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Alexander the Great: One of history’s greatest military commanders




Alexander III, the “Basileus of Macedon,” the “Hegemon of the Hellenic League,” the “Shahanshah” of Persia, the “Pharaoh” of Egypt and the “Lord of Asia” — better known as Alexander the Great — was one of the most significant figures in human history.

According to historians, Alexander was born on July 20 or 21 in 356 B.C. and as a means of marking the occasion, we decided to take a look back at the incredible life of this important historical figure.

Early Life:

Born in Pella, the capital of the Kingdom of Macedon, in 356 B.C., he was the son of Philip II, the King of Macedon and his wife, Olympias. He became renowned at a very early age for his military and political capabilities.

As a teenager, he began to be tutored by one of Greece’s most respected men, Aristotle. The great philosopher educated him with Greek ideals and inspired him with admiration and love for the Greek spirit and culture.

Alexander the Great, marble bust, 2nd–1st century BCE.

Alexander becomes King of Macedon:

In 336 B.C., Alexander’s father Philip was assassinated by his bodyguard Pausanias. Fate dictated that even though Alexander was only 20, he would take into his hands not only the Kingdom of Macedon but also the generalship of the Hellenic League of Greece.

The military campaign:

After taking on the enormous responsibility of King, Alexander began the great march of the Hellenes to the East. Thousands of soldiers followed him.

What are now the modern-day countries of Turkey, Syria, Israel, Egypt, and the entirety of the modern-day Arab world, became Greek in less than ten years’ time. In a few short years, Alexander had conquered all the way east to the western borders of India.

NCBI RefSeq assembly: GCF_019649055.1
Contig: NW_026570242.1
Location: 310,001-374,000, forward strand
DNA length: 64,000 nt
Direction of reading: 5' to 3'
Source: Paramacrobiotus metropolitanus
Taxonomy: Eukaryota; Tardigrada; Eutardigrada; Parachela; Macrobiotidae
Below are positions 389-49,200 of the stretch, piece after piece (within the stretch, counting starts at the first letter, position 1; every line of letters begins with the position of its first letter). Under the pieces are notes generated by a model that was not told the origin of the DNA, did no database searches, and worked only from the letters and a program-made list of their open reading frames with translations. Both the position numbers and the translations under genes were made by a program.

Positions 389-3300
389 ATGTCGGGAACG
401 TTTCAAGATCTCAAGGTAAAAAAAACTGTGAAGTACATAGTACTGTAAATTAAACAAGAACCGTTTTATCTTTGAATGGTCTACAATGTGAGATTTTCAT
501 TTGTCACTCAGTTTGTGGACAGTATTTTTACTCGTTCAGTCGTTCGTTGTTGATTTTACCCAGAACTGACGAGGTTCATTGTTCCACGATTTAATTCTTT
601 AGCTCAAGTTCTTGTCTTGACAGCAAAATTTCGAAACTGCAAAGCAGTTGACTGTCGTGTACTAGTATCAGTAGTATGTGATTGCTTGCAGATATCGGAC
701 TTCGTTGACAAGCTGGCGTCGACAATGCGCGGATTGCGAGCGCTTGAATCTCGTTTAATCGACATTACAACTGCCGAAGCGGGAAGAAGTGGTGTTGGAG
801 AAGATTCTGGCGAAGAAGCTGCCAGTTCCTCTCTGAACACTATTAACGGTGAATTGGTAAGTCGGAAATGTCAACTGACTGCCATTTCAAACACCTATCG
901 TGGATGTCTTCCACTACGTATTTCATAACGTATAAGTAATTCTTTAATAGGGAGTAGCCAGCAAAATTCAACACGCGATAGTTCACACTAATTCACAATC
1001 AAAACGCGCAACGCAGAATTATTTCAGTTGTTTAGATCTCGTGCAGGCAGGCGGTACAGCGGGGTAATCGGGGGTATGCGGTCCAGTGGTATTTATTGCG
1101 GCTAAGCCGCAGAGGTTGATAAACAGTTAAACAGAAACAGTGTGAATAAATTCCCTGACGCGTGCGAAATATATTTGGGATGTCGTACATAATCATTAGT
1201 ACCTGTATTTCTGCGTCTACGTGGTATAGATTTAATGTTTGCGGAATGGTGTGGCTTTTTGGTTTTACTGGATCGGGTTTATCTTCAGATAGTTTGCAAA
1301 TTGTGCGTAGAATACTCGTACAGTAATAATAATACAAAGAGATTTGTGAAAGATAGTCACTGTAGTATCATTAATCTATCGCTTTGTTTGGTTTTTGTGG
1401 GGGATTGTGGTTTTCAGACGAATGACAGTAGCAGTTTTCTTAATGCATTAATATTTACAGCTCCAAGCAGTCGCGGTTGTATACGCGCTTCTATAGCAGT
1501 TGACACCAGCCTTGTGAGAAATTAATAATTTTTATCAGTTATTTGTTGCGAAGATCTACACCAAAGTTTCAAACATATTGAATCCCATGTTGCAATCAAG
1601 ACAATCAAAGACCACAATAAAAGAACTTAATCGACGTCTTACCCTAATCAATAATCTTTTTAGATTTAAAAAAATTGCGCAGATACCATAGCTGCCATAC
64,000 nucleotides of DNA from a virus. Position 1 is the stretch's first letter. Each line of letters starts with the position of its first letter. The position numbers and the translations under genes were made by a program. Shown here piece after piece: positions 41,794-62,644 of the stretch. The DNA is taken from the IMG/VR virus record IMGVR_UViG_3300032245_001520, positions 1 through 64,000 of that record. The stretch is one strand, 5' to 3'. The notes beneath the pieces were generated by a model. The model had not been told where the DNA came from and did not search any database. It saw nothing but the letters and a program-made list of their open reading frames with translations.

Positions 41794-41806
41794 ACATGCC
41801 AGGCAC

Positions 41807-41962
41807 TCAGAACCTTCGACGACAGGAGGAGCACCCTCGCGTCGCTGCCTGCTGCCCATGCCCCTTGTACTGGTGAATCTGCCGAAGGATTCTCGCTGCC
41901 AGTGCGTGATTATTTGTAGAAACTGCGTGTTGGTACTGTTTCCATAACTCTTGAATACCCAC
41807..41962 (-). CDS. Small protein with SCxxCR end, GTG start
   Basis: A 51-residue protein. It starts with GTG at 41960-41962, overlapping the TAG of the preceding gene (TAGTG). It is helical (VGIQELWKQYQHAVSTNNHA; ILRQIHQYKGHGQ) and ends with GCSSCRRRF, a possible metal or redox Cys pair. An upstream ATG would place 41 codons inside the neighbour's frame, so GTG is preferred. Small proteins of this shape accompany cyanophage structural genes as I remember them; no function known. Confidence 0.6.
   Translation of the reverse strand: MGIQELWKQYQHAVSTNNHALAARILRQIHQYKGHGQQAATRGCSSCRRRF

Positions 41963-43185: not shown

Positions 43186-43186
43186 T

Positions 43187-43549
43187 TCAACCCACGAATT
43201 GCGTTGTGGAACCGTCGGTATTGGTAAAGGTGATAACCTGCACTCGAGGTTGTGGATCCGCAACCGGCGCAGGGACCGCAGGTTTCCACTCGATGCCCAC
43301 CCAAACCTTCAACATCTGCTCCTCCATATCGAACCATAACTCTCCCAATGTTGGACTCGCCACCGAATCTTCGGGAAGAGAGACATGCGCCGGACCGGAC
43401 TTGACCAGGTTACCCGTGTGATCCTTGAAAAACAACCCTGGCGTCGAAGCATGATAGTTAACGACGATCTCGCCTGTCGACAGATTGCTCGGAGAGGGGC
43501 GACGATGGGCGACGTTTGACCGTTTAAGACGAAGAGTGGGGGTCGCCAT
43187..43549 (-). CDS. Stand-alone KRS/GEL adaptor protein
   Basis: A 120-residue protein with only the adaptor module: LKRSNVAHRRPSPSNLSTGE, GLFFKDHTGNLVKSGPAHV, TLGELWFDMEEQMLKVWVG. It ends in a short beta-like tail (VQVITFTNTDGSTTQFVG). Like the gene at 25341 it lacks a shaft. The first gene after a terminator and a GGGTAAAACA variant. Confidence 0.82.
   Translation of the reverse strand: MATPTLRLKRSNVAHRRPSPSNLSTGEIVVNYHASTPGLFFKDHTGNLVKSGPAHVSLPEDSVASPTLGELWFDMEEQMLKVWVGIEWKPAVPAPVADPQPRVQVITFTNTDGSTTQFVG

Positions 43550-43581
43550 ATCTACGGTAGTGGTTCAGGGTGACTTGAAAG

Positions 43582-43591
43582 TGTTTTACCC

Alexander the Great leading his forces against the retreating Persian army led by Darius III at the Battle of Issus in 333 BCE. Detail of a mosaic from the House of the Faun, Pompeii in the Museo Archeologico Nazionale di Napoli.

Battle after battle, fight after fight, Alexander and his men were able not only to beat many enemies while conquering the vast Achaemenid Empire, but to establish a new status quo which would respect the local people. At the same time, the Greek overlords would introduce into their everyday life and culture elements of the Greek way of thinking and acting.

Alexander’s original plans included a conquest to the last centimeter of the East. It is recorded in history that he stated his vision was to literally reach “the end of the world.” But Alexander’s long military campaigns finally led his men to demand his return to their beloved homeland of Greece.

Alexander wisely eventually listened to his officers and men, who once had blindly followed him eastward, and he reluctantly began his long journey home from the borders of present-day India.

His plans called for the city of Babylon to become the new capital of his vast empire. But the Fates did not pay heed to the conqueror’s grandiose plans.

“Entry of Alexander into Babylon”, a 1665 painting by Charles LeBrun.


At the very young age of 33, Alexander suddenly fell gravely ill and to this day, the cause of his illness remains a mystery. In the span of just a few days, his strong body betrayed him, and he died in his bed on June 10 or 11 in 323 BC. 

But Alexander’s legacy never died.

More than twenty cities around the world bear his name. Alexander’s influence in the East was left as a gift to the entire world, reflected in the thousands of towns and villages once under his command and in the vast lands which were colonised by Greeks.

Nearly 2,400 years after his birth, Alexander the Great is still considered one of the greatest men to have ever lived, and definitely one of the most influential Greeks in history.

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